Don’t Overthink Your Egg Boxes

Of all of the exotic species I’ve worked with (reptile and otherwise) ball pythons are one of the easiest to reproduce. I think those of us that have been doing this for a long time, can sometimes make things out to be more difficult than they are. We excessively nerd out on every little detail and that can make things that are actually extremely simple seem pretty tough.

Here is how I’ve been doing my egg boxes for the last 5-6 years.

I typically use 6qt shoe box tubs and they work fine but if your incubator has room I suggest using 15-16qt tubs to make life easier.

6x half sheet paper towels
6qt hatch tub
Dragon hatch trays or light diffuser
Press n seal

  1. Fold the paper towels up and put them in the bottom of the tub.

  2. Get the paper towels fairly wet but make sure you don’t have water sloshing around they can’t absorb

  3. Put the eggs in on top of the hatch tray/light diffuser, make sure they aren’t touching the tub walls or lid at all.

  4. Put Press N Seal over the egg tub. DON’T put any holes in the tub. The eggs don’t need any ventilation until day 50 or so!

  5. Pull the Press N Seal off on day 50 and wait for pips.

It really is that simple.


But to expand the concept - if one uses something like- Dragon hatch trays or light diffuse to keep the eggs off the wet surface of (paper towels/sponge/ perlite/vermiculite or whatever) Then too much water in the the substrate and a more ventilation shouldnt matter.

But the best advice is if ‘isnt broken dont fix it’. So if your system works, if it works for you and doesnt need fixing.

I like your system. its made me think the substance for holding water is irrelevant as long as it is sterile.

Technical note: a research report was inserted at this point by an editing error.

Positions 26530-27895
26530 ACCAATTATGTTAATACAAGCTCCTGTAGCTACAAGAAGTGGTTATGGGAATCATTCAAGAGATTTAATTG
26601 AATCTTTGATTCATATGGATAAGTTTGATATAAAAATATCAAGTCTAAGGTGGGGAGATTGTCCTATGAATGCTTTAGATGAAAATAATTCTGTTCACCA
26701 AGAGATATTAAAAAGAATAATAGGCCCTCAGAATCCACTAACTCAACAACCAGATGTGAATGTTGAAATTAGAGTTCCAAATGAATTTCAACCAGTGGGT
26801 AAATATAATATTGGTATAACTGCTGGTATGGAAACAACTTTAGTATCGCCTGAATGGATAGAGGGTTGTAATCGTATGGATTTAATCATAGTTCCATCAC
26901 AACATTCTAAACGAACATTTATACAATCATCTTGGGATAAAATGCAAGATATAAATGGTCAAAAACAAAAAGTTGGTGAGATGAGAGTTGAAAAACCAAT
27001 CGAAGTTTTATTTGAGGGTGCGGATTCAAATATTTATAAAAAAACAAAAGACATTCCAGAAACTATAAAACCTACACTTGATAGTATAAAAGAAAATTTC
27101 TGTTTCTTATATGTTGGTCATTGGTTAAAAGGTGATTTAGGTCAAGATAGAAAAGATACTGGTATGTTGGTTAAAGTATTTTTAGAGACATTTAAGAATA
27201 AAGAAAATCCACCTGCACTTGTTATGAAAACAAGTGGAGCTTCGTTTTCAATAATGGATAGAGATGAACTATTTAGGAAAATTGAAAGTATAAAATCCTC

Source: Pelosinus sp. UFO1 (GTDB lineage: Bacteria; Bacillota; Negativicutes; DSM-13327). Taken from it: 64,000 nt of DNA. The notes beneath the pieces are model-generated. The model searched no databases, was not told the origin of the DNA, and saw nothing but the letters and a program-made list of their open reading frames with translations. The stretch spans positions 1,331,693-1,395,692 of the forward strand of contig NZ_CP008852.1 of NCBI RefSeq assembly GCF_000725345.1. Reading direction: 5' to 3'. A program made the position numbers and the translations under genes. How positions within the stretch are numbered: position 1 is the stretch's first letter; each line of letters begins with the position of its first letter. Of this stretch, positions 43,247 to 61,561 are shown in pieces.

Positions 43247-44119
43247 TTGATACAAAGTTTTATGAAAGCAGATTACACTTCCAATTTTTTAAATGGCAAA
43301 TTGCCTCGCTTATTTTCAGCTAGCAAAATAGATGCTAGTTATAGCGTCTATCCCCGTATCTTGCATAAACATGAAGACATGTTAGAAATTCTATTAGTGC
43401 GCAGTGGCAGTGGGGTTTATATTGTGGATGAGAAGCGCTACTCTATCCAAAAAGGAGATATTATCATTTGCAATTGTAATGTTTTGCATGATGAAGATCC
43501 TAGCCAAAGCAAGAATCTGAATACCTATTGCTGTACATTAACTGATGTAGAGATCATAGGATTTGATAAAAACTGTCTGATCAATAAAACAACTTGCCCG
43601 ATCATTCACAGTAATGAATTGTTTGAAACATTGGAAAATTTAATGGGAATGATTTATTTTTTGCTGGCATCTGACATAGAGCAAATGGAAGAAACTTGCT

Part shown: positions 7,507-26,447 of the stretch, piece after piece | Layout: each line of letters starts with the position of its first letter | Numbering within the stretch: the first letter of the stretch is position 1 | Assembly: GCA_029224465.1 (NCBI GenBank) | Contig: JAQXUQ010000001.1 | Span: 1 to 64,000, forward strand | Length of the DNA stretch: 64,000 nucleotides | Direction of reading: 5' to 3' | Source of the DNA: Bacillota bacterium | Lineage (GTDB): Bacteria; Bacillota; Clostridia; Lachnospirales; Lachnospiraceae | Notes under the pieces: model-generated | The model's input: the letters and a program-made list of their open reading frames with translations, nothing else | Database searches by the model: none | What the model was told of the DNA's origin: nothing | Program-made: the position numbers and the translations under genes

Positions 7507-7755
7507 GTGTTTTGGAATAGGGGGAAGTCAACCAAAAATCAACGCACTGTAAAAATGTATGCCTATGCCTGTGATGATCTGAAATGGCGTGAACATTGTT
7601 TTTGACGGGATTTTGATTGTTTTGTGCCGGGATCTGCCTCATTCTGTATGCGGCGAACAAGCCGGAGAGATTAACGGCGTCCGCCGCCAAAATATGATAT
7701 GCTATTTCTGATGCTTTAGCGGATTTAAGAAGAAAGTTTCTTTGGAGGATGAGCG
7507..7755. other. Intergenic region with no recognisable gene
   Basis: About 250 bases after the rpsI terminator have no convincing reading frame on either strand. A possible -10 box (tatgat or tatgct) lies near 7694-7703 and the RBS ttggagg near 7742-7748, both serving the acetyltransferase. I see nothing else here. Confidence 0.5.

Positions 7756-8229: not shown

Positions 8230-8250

If the water is not absorbed in the substrate, it can slosh on the eggs when you’re moving the tub around. In a water suspension tub designed with that intent there is a healthy distance between the surface of the water and the surface the eggs are sitting on. This is not so with light diffuser or ez hatch trays.

Ventilation within the egg box, especially for a beginner, is not your friend. It’s adding an unnecessary variable that often allows for the introduction of contaminants or passageways for phorid flies. Ventilation also leads to evaporation of the water in the tub. In an area with low ambient humidity this means you have to constantly disturb the tub to add more water as it evaporates. Desiccation is one of the leading causes of egg loss for beginners. I lost several clutches to it when I was learning because I live in California and our ambient humidity is 15-30% most of the time. That was back before anyone had widely shared the press n seal/ zero ventilation method.